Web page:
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A hit television show about a fictitious rock band, The Monkees (1966-1968) earned two Emmys–Outstanding Comedy Series and Outstanding Directorial Achievement in Comedy. Capitalizing on the show’s success, the actual band formed by the actors, at their peak, sold more albums than The Beatles and The Rolling Stones combined and set the stage for other musical TV characters from The Partridge Family to Hannah Montana. In the late 1980s, the Monkees began a series of reunion tours that continued into their 50th anniversary.

This book tells the story of The Monkees and how the show changed television, introducing a new generation to the fourth-wall-breaking slapstick created by Laurel and Hardy and the Marx Brothers. Its creators contributed to the innovative film and television of 1970s with projects like Bob & Carol & Ted & Alice, The Mary Tyler Moore Show, Laugh-In and Welcome Back, Kotter. Immense profits from the show, its music and its merchandising funded the producers’ move into films such as Head, Easy Rider and Five Easy Pieces.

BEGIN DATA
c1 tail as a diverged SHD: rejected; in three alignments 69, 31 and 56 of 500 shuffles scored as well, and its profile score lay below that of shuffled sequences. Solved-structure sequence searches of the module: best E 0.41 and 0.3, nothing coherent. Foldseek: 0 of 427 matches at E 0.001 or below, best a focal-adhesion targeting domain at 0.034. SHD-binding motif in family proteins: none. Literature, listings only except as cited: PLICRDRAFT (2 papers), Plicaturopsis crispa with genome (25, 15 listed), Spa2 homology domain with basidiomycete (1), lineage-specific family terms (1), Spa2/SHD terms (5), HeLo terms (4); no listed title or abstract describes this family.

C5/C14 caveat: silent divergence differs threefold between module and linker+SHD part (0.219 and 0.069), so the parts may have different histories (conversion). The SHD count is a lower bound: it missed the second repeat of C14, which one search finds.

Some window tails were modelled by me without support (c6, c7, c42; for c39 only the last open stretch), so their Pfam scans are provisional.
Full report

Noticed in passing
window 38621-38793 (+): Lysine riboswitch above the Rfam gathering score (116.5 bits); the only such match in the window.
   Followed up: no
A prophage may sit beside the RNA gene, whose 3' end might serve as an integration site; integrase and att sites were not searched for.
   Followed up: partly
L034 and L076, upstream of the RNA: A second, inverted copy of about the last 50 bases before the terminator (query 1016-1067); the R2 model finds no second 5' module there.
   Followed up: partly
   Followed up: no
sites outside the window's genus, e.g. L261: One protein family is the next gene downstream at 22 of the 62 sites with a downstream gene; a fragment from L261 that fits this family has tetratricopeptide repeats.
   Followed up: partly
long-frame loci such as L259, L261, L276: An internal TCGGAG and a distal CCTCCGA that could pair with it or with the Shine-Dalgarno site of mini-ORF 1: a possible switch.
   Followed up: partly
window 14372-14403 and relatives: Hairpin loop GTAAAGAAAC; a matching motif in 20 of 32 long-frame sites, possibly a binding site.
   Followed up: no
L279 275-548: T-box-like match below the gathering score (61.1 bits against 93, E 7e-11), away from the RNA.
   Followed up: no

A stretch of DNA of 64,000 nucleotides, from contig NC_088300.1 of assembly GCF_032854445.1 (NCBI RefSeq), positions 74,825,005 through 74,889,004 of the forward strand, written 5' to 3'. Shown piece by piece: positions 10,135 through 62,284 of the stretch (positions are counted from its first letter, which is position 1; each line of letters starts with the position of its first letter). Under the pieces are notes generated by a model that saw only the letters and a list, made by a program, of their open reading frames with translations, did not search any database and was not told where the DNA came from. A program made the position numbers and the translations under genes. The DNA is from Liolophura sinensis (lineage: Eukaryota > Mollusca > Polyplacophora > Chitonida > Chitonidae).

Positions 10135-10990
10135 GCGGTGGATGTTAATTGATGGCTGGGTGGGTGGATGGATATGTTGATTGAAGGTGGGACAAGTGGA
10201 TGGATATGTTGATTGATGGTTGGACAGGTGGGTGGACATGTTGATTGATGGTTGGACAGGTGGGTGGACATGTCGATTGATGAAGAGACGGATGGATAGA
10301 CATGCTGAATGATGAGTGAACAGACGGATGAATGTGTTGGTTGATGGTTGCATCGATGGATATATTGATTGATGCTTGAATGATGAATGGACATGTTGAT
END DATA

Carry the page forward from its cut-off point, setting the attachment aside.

Rosanne Welch, PhD has written for television (Touched by an Angel, Picket Fences) and print (Three Ring Circus: How Real Couples Balance Marriage, Work and Kids and The Encyclopedia of Women in Aviation and Space). In the documentary world she has written and produced Bill Clinton and the Boys Nation Class of 1963 for ABC NEWS/Nightline and consulted on PBS’s A Prince Among Slaves, the story of a prince from West Africa who was enslaved in the 1780s, freed by order of President John Quincy Adams in the 1820s and returned to his homeland.

From The Research Vault: Why we grieve teen idols: A tribute to Davy Jones, CNN, March 1, 2012

From The Research Vault: Why we grieve teen idols: A tribute to Davy Jones, CNN, March 1, 2012

From The Research Vault: Why we grieve teen idols: A tribute to Davy Jones, CNN, March 1, 2012

Davy Jones was more than just the star of countless bedroom wall collages in the late 1960s. The Monkees frontman and token Brit who captivated audiences with his talent and charisma was the quintessential teen heartthrob. News of Jones’ passing (he died of a heart attack at age 66 Wednesday) prompted nostalgic outbursts from fans, all wanting to reminisce about the Tiger Beat and 16 Magazine covers, the hours logged in front of the TV, and the moments spent bopping around to “Pleasant Valley Sunday.”

Read the entire article

 

Why The Monkees Matter: Teenagers, Television and American Pop Culture